– It is a Government that is supported by the Labour Party. Now, I do not believe in that sort of thing. I believe that the laws of our country are strong enough to take hold of and punish any person for committing any offence without tearing up the fundamental principles of justice by the roots and scattering them to the four winds of heaven. I have no more to say. I hope that the Government will succeed in catching the trusts,, and if they are doing an injury to the country that it will punish them. I have done my best, not to defeat the objects of the Bill,, not to enable trusts to escape, not to manufacture loopholes for them to get through,, but to place on the statute-book an Act which shall at once succeed in its purposeand be a credit to a free country.
– I think that honorable senatorsopposite have- somewhat misconstrued Senator Turley’s charge against them. Senator McColl, for instance, said that Senator Turley had charged them with making an onslaught on the Bill. I did not understand him to do that. The word “ onslaught “ brings to. one’s mind a frontal attack on the whole principle of the Bill. That was what Senator Turley said there was not. He complained of its absence. His point was that, instead of there being a bold frontal attack on the whole principle of the Bill, there had been that sniping from a kopje, of which we heard so much, and about which complaints were so bitter, during, the Boer war. He complained that the Boers in this case would not come out into the open and fight the Bill on its principles ; but that after allowing the second reading to pass they, by means of amendments, which would, in Senator Turley’s opinion, and in mine, have utterly destroyed its value, sniped at its vital parts. It would have been small satisfaction to the Government if, after the Bill had emerged from Committee, they had found that it was a mere husk, because the kernel had been extracted from it by means of amendments devised, we think - perhaps wrongly - for that very purpose. One cannot shut one’s eyes to the fact that there is in Australia a strong body of opinion that insists that action shall be taken to regulate trusts. I believe that there is no party in this Parliament that dare stand up against that body of opinion and say, “ We will not deal with trusts one way or the other.” No party could live that took up such an attitude. Therefore every party must find some means of dealing with trusts. Those who framed the amendments aimed at the vitals of the Bill, and sought to withhold from the Government a weapon which would enable them to deal with trusts in an effective fashion. Senator Stewart’s position in this matter seems to me to be utterly incomprehensible. During the debate in Committee he took up this position - that he would listen to what was said b- those who put forward amendments, but that he would shut up his mind absolutely to every argument that was urged against them.
– I did not hear any.
– I am quite satisfied that the honorable senator did not, because he was determined not to hear any. Let me draw his attention to one thing which I think ought to convince even him. Senator Symon argued that in this Bill an unprecedented power was proposed” to be given. He said that no such power was contained in the Customs Act, or in any other British Statute. Senator Stewart cheered him to the echo. But a little later on the Vice-President of the Executive Council rose in his place and quoted several sections of the Customs Act.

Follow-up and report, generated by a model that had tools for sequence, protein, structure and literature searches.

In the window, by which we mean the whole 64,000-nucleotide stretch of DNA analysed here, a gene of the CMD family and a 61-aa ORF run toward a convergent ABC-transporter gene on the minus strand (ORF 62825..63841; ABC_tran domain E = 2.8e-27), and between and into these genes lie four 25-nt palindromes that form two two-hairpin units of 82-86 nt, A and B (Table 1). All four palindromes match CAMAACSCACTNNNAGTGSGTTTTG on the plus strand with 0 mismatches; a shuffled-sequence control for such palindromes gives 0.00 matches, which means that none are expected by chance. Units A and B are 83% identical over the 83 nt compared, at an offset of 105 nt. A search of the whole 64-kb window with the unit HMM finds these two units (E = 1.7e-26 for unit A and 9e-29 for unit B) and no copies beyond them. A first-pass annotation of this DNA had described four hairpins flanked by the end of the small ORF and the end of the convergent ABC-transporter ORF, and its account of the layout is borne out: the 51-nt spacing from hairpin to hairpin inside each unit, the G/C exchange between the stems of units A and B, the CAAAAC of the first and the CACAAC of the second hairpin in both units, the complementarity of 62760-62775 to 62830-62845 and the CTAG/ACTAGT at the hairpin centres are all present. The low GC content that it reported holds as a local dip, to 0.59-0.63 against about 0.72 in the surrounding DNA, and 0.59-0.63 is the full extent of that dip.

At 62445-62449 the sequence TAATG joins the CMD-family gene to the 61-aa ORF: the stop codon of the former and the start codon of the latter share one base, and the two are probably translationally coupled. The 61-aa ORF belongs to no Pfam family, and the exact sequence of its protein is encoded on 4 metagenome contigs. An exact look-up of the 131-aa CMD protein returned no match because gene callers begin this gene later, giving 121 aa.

– I quoted sections 38, 21:4, and 234.
– But Senator Symon said that they did not apply.
– My honorable friend did not need Senator Symon’s assurance. If he looks .at the sections he will see that there is no escape from the position.
– I did look at them.
– Take section 234, for instance. It says that “ no person shall “ - there is no limitation whatever, it applies to any person - then in paragraph g - “refuse or fail to answer questions.” What legal subtlety can get round that? There is absolutely plain language, which it is impossible to misconstrue or misunderstand.
– Did not Senator Symon show that a case under that section must be founded on an entry being made or some transaction taking place with the Customs ?
– I defy the honorable senator to prove that that section relates only to the passing of entries.
– It includes entries amongst other things.
– Senator Symon did not and could not reply to those arguments. Senator Stewart is’ taking up a position which one can imagine that the knights of mediaeval times took up on the introduction of gunpowder,. We can picture them when face to face with the insignificant musket refusing to doff their knightly armour or to resign the lance and sword of chivalry in favour of the new weapon with which the progressive soldier of that day was going to shoot from great distances and from behind protected positions, in a manner altogether opposed to the prevailing ideas of chivalry. We can imagine those old knights saying, “ Shall we throw on one side these old weapons that have stood us in good stead in so many jousts ? Shall we disdain our knightly armour, throw aside the lance and sword, the weapons of every true knight, and take up this beastly stinking invention, success in the use of which depends merely on chance and not on a man’s bravery, skill, martial ardour, or military training?” One can understand the knightly Stewarts of that day refusing, ‘even when faced with an entirely new set of circumstances, to throw the old weapons away, because there was no precedent for it in the past. I fear it was a new Senator Stewart that made use of those arguments, because if there is one senator who in the past has shown a supreme contempt for precedents it is Senator Stewart. Many a time I have listened with pleasure to his speeches urging the Senate to strike boldly out on new paths,, to throw aside all precedents, to sweep away the mists of antiquity, and to remember that we are facing new conditions. This Bill is novel for the simple reason, as Senator Trenwith put it by interjection, that we are dealing with an entirely novel set of conditions.